There’s a duality in character for a man like Freddie Gibbs. It’s a complicated dynamic underscored by a volatile balance of humor and friction: he’s a man just as influenced by fictional Blaxploitation figures like Willie Dynamite and Superfly’s Priest Youngblood as he is by complicated (and somewhat tragic) real-life icons Rick James and Richard Pryor. But let Gibbs himself tell it, he’s simply a representation of his astrology sign — the contradictory Gemini.
“My friend was just telling me, ‘You be reading the Quran and fucking reading about Black history, and then you be slapping asses at strip clubs and being on Instagram with bitches popping,” Gibbs said during our mid-afternoon ZOOM interview.
It’s this duality that’s been a core of how Gibbs has presented himself throughout his music career, especially on his latest album $oul $old $eparately. His major label debut (and fifth studio album overall), $oul $old $eparately finds Gibbs reflecting on his rise to fame in hip-hop, the risks taken and the price he’s had to pay to get there.
It’s been a long journey. In 2006, Gibbs signed to Interscope Records only to get dropped later that same year before he could even release a debut album. Then, he signed with Young Jeezy’s label CTE World, where he began his underground following through various mixtapes. But after a rift with Jeezy, Gibbs was essentially blackballed.
Forming his own label ESGN, Gibbs fostered an organic following among underground rap fans through his independent releases and collaborative albums with Madlib and The Alchemist. The critical acclaim of Bandana and Alfredo, with the latter being nominated for Best Rap Album at the 63rd Grammy Awards, opened doors Gibbs previously wasn’t able to go through, solidifying him as one of contemporary rap’s best MCs.
For Gibbs, the delay to get to this point — and the challenges and setbacks that still haunt him since embarking on this endeavor — is all the more rewarding.
“Lyrically, I feel like I’m rapping on a different kind of level right now than really anybody,” Gibbs said. “I feel like I got a load off my shoulders. And now I can kind of relax and just let people live with it.”
In our interview with Freddie Gibbs, we discussed his love for Rick James, standout tracks from $oul $old $eparately, the growth of Freddie the artist and the man, and why he is the King of R&B.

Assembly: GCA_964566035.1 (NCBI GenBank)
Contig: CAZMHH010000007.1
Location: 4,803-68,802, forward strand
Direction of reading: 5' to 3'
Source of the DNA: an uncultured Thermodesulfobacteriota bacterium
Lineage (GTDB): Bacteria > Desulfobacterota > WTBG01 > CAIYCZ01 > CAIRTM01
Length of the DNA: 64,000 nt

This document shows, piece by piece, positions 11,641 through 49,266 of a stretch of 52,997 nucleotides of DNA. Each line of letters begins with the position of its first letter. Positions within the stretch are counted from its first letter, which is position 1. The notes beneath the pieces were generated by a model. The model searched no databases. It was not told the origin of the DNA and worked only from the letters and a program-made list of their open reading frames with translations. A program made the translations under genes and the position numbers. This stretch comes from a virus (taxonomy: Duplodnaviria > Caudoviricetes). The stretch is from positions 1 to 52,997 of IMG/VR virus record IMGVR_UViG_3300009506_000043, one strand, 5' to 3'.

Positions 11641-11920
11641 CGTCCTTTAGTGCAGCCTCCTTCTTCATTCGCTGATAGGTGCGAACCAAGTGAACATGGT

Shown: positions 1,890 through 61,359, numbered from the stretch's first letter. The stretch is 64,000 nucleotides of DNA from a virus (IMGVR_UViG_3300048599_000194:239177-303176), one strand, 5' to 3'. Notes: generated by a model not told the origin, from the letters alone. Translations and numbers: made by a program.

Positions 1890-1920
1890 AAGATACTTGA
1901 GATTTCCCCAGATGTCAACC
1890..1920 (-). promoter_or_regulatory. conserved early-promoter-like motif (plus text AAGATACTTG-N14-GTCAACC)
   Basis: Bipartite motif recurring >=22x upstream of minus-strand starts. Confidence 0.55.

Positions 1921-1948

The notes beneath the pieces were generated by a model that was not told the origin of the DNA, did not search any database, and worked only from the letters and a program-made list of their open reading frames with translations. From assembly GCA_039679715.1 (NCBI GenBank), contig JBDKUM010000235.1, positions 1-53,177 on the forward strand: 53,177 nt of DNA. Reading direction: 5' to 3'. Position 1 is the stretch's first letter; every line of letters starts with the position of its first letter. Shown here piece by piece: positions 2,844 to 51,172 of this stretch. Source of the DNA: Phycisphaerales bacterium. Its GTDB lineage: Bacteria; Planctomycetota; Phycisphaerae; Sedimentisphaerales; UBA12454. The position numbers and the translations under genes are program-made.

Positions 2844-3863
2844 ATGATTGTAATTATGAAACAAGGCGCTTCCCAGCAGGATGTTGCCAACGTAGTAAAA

As the King of R&B, do you think we’ll ever get an R&B album from you?
Freddie Gibbs: It’s something that I’ve done. The proof’s in the pudding. Listen to my new album, you hear remnants of R&B. A whole project like that, I probably got that laying around somewhere. You can’t be the king without practicing your skills, you feel me? It’s Marvin Gaye, Luther Vandross, Rick James, Whitney Houston, and me.
Speaking of Rick James, you reference him a lot. Even down to the photo shoot for $oul $old $eparately. What is it about him that you love so much?
I like Rick James because he was a street nigga. To be honest, he was probably the first dude in music that was really selling drugs to make music, you know what I’m saying? Not only that, but he’s just a talented musician, man. And just his whole story — him going AWOL from the army and going to Canada, and then coming back as Rick James. Just the way he created the whole aura was amazing to me. He is one of the most underappreciated artists ever.
Do you feel like in some ways you’re unappreciated in music? Or do you feel like you’re starting to get those flowers and people, in a larger sense, are starting to go, “Yeah, Freddie is that guy”?
Yeah, definitely. I feel like I’m still underappreciated and underrated, though. I might be the most underrated dude in rap, to be honest. But I just use all of that as motivation. I’m thankful for the people that are starting to come around to the music now, and I’m thankful for the people that’s been fucking with it forever, so I’m not mad at all.
Let’s talk a little bit about “Grandma’s Stove.” I know you don’t go to therapy, so what was it like making a record like that?
Man, that was a rough day. I was going through it with just homies in the street, the mother of my children. I was dealing with that court stuff, and it was just a whole lot of that stuff. Really, that song was kind of like a cry for help, man. That was a depressing song. That was me dealing with depression and just letting it out.
I didn’t expect it to turn out like that when I was done with it. But man, I feel like I really lit that beat up with a lot of shit, and I was just like, “Fuck.” I didn’t really want to put it on the album at first. I was like, “Man, that’s a little bit too much.” But then I was like, “I can’t have this album without that. That’s the keystone to the project.”